Find a schedule that’s going to work for everybody. Maybe you don’t do Terrific Tuesdays. Maybe you do Wonderful Wednesdays or Fantastic Fridays. <laugh>

Calling it something fun, I think, goes a long way to adding those things to the memory bank for kids. I know my kids and their friends, they’re already asking me what’s going to be on the Terrific Tuesdays this summer.

So yeah, finding the routine of how often you’re going to do it and when, and planning that on the schedule is a great tip. Because then the year doesn’t get away from you, time doesn’t get away from you. You really can think ahead and be able to figure out when is the cheap time to go to this or that, or when is the non-busy time, that sort of thing.

outdoor activities for homeschoolers

Tip #6: Establish a means of communicating with a field trip group.

“I have found that depending upon how many people you’re coordinating, some people like to do that through signup, through a SignUpGenius. If you have a group of four or five moms and you’re trying to figure out how many kids are going to what and who’s paying who, SignUpGenius is great.

I know not everyone does Facebook, but a private Facebook group is something that we’ve done in the past that has seemed to work.

So there’s a lot of different options like that, but making sure that if you are coordinating for a group that you have a means of communicating that everyone can access. And that everyone can appropriately let you know how many they’re signing up. So that when you get there, you know what to expect. And you’ve been able to communicate with the place you’re going to, what to expect.”

Tip #7: Maximize the educational value when you plan field trips.

“Another tip I have – and this is just kind of more in the extra category – this would be thinking about what you can do before, during, and after a field trip to really maximize the educational value.

Now some field trips, of course, they’re just going to be fun outings. They’re going to be bowling or doing foot golf.

That’s a new one we’re doing this year. It’s like on a golf course, and you’re doing it with a soccer ball and a big hole instead of a golf ball. So foot golf at the Heart of America Golf Course is one of them that we’re doing this year.

So some things like that, maybe you’re not necessarily doing a lot of research and learning ahead of time. But if it’s something that’s more of an educational piece in nature, you’re going to a museum, or you’re going to a nature center, or something like that.

Many of these places have educational materials on their website already. Already planned, already laid out that you can go and download and use as you see fit.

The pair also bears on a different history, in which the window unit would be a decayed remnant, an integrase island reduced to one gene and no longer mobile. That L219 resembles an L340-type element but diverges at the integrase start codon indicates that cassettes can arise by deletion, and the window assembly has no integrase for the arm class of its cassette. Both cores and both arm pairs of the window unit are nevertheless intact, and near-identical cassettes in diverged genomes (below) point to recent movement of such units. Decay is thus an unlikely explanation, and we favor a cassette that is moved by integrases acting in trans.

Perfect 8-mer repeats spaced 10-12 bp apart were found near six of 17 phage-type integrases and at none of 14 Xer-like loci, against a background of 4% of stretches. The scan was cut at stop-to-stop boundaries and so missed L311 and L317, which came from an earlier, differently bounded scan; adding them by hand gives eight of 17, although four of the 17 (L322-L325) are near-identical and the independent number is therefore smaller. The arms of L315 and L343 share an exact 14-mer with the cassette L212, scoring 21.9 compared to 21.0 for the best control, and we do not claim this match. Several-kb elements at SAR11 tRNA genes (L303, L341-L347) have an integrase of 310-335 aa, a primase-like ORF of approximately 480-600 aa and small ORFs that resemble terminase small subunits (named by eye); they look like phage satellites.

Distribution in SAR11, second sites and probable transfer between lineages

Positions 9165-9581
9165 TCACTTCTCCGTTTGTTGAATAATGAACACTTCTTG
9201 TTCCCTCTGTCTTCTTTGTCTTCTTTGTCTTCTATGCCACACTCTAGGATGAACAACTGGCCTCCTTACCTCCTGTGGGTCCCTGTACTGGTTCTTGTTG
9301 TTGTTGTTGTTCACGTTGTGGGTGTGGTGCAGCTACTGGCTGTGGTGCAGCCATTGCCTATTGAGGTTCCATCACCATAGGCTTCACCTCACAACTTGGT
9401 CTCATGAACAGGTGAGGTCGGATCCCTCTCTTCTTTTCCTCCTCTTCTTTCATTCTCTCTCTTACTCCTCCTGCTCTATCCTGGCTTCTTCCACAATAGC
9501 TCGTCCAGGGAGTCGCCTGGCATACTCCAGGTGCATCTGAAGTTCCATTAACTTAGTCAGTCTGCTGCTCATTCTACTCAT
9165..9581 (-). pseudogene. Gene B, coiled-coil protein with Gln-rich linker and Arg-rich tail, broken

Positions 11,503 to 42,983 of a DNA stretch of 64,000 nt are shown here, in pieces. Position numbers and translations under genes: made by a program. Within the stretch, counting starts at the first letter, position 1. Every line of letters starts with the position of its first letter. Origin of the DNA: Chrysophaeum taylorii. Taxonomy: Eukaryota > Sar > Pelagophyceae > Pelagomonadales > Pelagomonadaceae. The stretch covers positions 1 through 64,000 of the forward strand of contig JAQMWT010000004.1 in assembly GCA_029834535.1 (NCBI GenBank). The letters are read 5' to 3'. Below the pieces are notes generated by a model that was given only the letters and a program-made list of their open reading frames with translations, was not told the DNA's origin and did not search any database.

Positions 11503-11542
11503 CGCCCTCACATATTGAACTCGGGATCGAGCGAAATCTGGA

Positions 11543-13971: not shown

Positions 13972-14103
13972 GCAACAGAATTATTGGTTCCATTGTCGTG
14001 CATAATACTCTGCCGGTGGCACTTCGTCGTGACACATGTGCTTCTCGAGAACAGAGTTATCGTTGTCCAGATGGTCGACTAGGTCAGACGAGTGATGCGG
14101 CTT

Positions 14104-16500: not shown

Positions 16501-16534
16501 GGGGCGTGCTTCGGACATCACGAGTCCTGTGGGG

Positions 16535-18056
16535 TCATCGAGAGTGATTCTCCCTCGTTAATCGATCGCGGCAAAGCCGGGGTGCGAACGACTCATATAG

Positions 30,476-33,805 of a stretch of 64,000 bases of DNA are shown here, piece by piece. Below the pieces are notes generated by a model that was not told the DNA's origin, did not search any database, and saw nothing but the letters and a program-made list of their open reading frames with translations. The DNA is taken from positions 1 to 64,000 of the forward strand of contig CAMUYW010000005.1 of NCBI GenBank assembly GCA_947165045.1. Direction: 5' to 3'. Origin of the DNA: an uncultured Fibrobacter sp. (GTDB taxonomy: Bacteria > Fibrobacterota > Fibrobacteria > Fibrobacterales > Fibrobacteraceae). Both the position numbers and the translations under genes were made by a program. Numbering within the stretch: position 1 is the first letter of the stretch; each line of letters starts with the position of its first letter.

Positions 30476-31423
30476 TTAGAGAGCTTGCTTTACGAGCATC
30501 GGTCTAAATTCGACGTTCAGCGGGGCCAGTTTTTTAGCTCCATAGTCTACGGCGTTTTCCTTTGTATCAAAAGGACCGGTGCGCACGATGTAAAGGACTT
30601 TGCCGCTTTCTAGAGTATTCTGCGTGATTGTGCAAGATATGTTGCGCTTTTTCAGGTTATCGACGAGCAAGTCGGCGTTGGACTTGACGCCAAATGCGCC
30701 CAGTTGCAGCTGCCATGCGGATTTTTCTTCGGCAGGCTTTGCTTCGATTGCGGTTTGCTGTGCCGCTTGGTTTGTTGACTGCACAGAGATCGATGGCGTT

So just as an example, the Fort Osage re-enactments that our group went to last year, they had a whole part of their website that was just materials that you could access beforehand to go over with your kids, depending upon what age levels they are.

And so it really helped with the mindset and preparing for getting the most out of it. And then during the field trip, maybe you plan for kids to stay engaged by helping them think of one question that they want to have answered while they are there, whatever that may be.

Depending upon if it’s a nature center, a science center, a historical site, what’s a question that they have that they would like to have answered or maybe you pose the question to them. “While you’re there, I want to see if you can discover X, Y, Z.” Maybe it’s a couple of different things.

And then all kids have different learning styles. While you’re there, maybe they’re learning through taking some photographs, if that’s allowed. If you have someone that’s more art-focused in nature, or taking notes, or taking a sketch pad, or some of the locations even have scavenger hunts lined out where you can do. So it’s naturally taking you through all the sites. So think about not just going and experiencing it, but having a goal or a mission while you’re there. 

And then afterwards, of course, if you have kids that are a bit older, and I’m not sure if kids would think this was fun, but you know you can write a brief essay. Maybe throughout all of your field trips through the year, they’re compiling a photo album of recording some of the experiences that you’ve had.

Or there’s even the good old manners portion of it with writing a handwritten thank-you note to the organization that you went to, or to your tour guide that you had, or maybe to a place that gave you a discount because you were a large group.

So that’s something after that fact that you can do too.

But those are all extras. I think the main thing is just not being afraid to get out there and do things and try it and have fun, not feeling like everything has to be perfect. Or that you have to have done all these pre-steps and during the field trip and after the field trip. Those are just extras if you want to, if you have time, if that would be of value to your family.”

great wolf lodge homeschool weeks

Tip #8: Consider going with a group or on your own.

Shanxi: “What would you say are some pros and cons of field tripping or just going on field trips with a group of other families versus trying to do it, maybe with a smaller group or just by yourselves?”